Book Objects

Will the Kindle, the Nook, the iPad or any of the other reading devices supplant the book? It is a distinct possibility. The history of documenting our heritage has gone through many considerable changes. We have been telling stories for a long time, by simple scratches on cave walls over thirty thousand years ago, to impressions carved in stone, to embossed notations on clay tablets, to narratives painted on papyrus, to elaborate illuminated writings on animal hide, to beautifully executed printing on handmade paper. With the onset of modern technology the playing field dramatically changed. In less than two centuries a wave of new inventions capable of documenting our existence have become available. In rapid succession new processes began competing with the printed word. Photography, the phonograph, radio, film, tape recorder, television, the computer, the Internet, all the way to the new phenomena of social media like Facebook and Twitter. All add a new dimension to our need and desire to record, to preserve.

Now consider all these latest technologies wrapped into one device. No 7 more clunky camera, no need for a separate radio, the movie screen is right in your lap, the television set becomes obsolete. Want to read? A magazine, a newspaper, a book? With the push of a button you have the desired format. You don't even have to get up. Some of the latest models let you take pictures, use it as a phone, operate it as a computer and let you tweet and text to your heart's delight. It is a fantasy come true. It is totally connected. It is noisy and it is very public.

Against these electronic wonder-gadgets, the intimacy of a book stands in sharp contrast. It is deliberately low-tech, cumbersome and slow. But it has retained its singular advantage. It is private. It challenges the imagination. Almost from the time we began to communicate, there have been attempts to interfere with this dialogue between writer and reader. These measures are commonly cloaked in the parlance of "protecting the public." In truth, they are nothing but unbridled censorship.

Having grown up in a country during a period of political turmoil and savagery, an era notably ushered in by public book burnings, I was confronted with this "doubletalk" quite early in life, first under the Nazis and later during military occupation. The earliest school books I can remember, leftovers from the previous regime, were heavily "edited." They were books with words and sentences blackened out. Chapters were deleted and entire pages happened to be missing. It was information declared unsuitable for a post-war generation, a generation who six months earlier had practically been obliterated by events now deemed unfit to be read. Part of what we had lived through, i.e., our own history, had been blocked out, hidden behind those black marks.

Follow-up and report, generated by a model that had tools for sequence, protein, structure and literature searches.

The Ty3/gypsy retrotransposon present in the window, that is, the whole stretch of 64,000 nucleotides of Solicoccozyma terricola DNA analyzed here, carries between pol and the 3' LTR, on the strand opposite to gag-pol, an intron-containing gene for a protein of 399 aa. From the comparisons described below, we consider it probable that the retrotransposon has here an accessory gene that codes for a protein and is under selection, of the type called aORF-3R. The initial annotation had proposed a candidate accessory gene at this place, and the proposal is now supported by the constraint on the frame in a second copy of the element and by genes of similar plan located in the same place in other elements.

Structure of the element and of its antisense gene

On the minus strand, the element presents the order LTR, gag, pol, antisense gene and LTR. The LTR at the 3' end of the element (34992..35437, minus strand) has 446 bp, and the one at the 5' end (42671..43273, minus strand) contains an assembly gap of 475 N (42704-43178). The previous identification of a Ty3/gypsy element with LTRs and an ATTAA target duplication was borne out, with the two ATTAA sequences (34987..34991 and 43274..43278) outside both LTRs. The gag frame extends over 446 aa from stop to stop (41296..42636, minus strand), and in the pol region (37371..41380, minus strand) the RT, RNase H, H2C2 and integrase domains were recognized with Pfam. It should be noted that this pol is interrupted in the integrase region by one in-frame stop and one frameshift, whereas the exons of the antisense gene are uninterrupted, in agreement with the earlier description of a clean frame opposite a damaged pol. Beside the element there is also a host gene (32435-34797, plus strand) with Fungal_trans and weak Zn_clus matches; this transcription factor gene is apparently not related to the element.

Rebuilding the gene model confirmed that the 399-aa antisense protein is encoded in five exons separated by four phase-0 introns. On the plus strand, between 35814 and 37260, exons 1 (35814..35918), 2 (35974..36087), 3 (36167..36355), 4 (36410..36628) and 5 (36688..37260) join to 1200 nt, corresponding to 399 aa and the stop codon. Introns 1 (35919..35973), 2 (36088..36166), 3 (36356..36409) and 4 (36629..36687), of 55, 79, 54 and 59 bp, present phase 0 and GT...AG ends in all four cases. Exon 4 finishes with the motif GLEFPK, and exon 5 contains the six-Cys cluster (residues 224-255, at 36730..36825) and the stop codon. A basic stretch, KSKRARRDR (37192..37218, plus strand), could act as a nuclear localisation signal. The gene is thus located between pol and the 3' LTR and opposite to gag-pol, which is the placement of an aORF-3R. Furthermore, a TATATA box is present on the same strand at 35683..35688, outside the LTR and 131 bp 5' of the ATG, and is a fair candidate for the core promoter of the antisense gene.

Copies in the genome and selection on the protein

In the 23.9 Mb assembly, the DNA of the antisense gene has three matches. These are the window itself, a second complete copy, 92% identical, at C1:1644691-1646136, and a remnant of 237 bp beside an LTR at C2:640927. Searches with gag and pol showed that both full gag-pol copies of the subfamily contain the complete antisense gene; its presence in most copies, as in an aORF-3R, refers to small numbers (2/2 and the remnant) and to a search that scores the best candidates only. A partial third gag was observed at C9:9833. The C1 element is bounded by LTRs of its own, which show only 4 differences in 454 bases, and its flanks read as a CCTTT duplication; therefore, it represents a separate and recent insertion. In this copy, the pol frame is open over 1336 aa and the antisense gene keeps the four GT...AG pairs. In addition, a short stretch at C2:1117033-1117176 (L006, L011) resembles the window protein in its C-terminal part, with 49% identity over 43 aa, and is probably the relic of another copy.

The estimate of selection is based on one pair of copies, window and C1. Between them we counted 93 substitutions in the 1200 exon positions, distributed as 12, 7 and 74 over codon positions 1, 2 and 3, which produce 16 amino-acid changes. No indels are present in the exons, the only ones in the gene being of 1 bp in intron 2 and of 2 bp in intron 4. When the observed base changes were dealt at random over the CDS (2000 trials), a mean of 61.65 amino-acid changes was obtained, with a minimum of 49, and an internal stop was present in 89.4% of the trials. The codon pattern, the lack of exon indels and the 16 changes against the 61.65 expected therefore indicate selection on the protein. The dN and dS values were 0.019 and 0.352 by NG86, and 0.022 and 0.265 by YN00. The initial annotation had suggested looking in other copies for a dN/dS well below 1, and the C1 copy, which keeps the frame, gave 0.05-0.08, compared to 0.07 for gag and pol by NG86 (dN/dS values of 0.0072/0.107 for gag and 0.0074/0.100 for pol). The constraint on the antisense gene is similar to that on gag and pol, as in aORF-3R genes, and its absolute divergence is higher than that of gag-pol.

My book-objects have their origin in the ambiguous realm of technological change, super-imposed against my personal concern about censorship. By making books which are deliberately mute, I try to raise questions. Words are lost. They are no longer important. The books take on new forms, they become provocative statements. No longer instruments for reading, they become sculptures, they become Book-Objects. Wilfully altered, they are discharged of their original purpose and turned into relics. But equally important, they are turned into symbolic markers to be visited by future generations, who might not know the intimacy of a book.

The objects I create are made with real books. They are not casts, nor are they sculpted imitations. Each piece has at its core bound, printed pages. Glued together and painstakingly covered with gesso, a plaster-like coating, they are silenced and sealed for good. I practice this destruction, this obvious censorship, simply as metaphor. It is to visualize, to demonstrate, to provoke. How I arrive at a specific piece of work is often inexplicable. Sometimes ideas surface mysteriously. Sometimes they are provoked by events. Other times it is the act of working itself which generates a new thought. It might be a specific expression, a word or a piece of material, which will reveal a new direction. Or it can simply be the shape of a book, its title or its physical condition, which triggers my curiosity. By probing, testing and investigating a given vocabulary, it will inevitably lead to new discoveries.

—W. P.